Data management platform to power collaborative data network

Melbourne-based data management systems specialist Arcitecta and supercomputing giant SGI are working together to build customised research platforms to give the research community access to the massive amounts of data held in the national Research Data Storage Infrastructure (RDSI) project.

Arcitecta's Mediaflux data management platform has been chosen as a key data management engine for the RDSI project, which is providing storage for some of Australia's huge data sets generated through genomics, DNA sequencing, population health research and cancer tissue banks.

The data sets are held in eight distributed data centres or nodes, which currently contain over 11 petabytes (11,000 terabytes) of content and are expected to grow to over 55 petabytes as part of the project. The idea is to allow researchers to access, analyse and re-use the data held in the nodes in a coherently governed environment.

Researchers will be able to peruse data collections by name, type, owner, date and linked publications as Mediaflux is able to make disparate types of data available to users through its metadata search engine. Data can also be quickly discovered and queried as it is ingested due to the automatic metadata extraction capabilities of Mediaflux.

Mediaflux is being used to build a web-based repository for the Cooperative Research Centre (CRC) for Mental Health, where researchers will be able to capture, access and query clinical observation data from longitudinal studies of biomarkers.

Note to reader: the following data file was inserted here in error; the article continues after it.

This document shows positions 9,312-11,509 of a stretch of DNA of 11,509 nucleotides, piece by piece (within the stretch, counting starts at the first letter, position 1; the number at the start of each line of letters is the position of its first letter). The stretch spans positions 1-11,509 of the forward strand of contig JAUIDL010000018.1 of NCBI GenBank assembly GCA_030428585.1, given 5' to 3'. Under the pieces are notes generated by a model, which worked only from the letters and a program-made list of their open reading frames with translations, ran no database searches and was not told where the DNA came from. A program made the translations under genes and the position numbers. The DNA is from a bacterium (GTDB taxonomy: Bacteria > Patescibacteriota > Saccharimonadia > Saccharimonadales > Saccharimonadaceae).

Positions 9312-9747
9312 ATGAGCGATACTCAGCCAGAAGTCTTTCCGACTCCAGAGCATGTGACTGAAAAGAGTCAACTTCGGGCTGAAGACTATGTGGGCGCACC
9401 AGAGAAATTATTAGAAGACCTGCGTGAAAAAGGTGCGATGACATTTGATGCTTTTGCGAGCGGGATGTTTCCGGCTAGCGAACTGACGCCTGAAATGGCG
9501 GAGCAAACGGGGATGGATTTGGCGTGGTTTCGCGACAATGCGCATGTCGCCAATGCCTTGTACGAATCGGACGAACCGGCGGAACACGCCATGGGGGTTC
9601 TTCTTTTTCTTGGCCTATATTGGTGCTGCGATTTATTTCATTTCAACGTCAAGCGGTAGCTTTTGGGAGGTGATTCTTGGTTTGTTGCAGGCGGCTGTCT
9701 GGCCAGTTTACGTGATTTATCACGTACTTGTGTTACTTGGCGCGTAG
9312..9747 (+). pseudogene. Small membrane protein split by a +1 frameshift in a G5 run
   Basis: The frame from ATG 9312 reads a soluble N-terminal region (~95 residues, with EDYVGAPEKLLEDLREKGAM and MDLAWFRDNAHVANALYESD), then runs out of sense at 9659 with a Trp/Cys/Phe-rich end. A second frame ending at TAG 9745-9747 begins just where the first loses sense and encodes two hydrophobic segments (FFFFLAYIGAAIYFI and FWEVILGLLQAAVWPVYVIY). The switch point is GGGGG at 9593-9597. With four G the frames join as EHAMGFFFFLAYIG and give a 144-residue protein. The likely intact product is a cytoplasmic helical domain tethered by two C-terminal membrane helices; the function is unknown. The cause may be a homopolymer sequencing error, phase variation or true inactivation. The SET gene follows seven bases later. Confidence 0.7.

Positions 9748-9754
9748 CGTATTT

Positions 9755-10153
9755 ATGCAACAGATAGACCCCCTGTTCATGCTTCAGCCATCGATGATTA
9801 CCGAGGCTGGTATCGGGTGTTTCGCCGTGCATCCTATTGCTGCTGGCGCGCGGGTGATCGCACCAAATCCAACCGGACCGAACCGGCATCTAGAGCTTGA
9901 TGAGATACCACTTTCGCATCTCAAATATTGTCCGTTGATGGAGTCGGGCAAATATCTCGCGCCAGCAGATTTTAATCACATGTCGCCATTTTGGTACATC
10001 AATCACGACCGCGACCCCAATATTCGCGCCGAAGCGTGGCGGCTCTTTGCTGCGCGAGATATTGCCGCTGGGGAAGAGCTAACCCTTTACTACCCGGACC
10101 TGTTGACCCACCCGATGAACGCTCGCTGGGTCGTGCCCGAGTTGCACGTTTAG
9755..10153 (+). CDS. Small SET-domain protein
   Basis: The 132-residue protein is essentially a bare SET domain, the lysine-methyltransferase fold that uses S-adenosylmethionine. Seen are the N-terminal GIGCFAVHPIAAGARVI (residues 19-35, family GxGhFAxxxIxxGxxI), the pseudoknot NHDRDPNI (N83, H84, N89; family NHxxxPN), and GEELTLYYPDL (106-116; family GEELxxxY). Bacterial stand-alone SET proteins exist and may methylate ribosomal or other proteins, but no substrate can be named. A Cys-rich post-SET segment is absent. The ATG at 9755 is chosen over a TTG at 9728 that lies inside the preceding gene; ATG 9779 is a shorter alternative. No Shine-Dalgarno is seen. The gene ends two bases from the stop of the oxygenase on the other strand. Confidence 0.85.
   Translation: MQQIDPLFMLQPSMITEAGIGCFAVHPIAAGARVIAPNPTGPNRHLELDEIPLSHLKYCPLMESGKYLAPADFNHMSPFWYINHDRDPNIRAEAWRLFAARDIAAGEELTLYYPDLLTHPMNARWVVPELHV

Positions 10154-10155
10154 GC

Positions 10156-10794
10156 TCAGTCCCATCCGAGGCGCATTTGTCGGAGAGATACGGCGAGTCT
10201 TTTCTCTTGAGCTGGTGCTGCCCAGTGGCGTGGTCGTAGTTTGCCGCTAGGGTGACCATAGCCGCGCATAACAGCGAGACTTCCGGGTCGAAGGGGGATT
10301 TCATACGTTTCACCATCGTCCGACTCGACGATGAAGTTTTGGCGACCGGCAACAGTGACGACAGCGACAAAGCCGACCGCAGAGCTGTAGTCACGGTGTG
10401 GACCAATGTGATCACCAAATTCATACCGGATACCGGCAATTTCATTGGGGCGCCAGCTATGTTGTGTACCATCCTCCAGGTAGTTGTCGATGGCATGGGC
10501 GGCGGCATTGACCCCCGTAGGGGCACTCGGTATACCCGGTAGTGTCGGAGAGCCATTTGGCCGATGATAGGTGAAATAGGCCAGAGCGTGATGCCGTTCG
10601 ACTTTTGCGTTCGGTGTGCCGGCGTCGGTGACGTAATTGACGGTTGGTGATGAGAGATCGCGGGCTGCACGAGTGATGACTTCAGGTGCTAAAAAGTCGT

It is also being used to power Victoria's Clinical Audit Research electronic Health Record (CAReHR), which has been set up to share data between clinics caring for refugees and to provide real-time surveillance for emerging health issues.

In the RDSI project, it will facilitate rapid collaboration across different data types and data repositories that would otherwise be incompatible.

RDSI project director Nick Tate said the benefits from better-managed and more accessible research data are being sought everywhere across the research sector.

“At the same time, the acceleration in data creation is outstripping growth in data storage capabilities,” Dr Tate said. “A national data environment of the scale planned means new questions can be asked on topics, and at levels not previously thought possible.”

Arcitecta chief technology officer Jason Lohrey said the research community was on the cusp of achieving a national data management environment.

“This is creating a sustainable foundation for curating the collective output of Australian researchers and our international collaborators, leading to better research outcomes and a more efficient way to conduct large studies,” he said.

Posted in Australian eHealth

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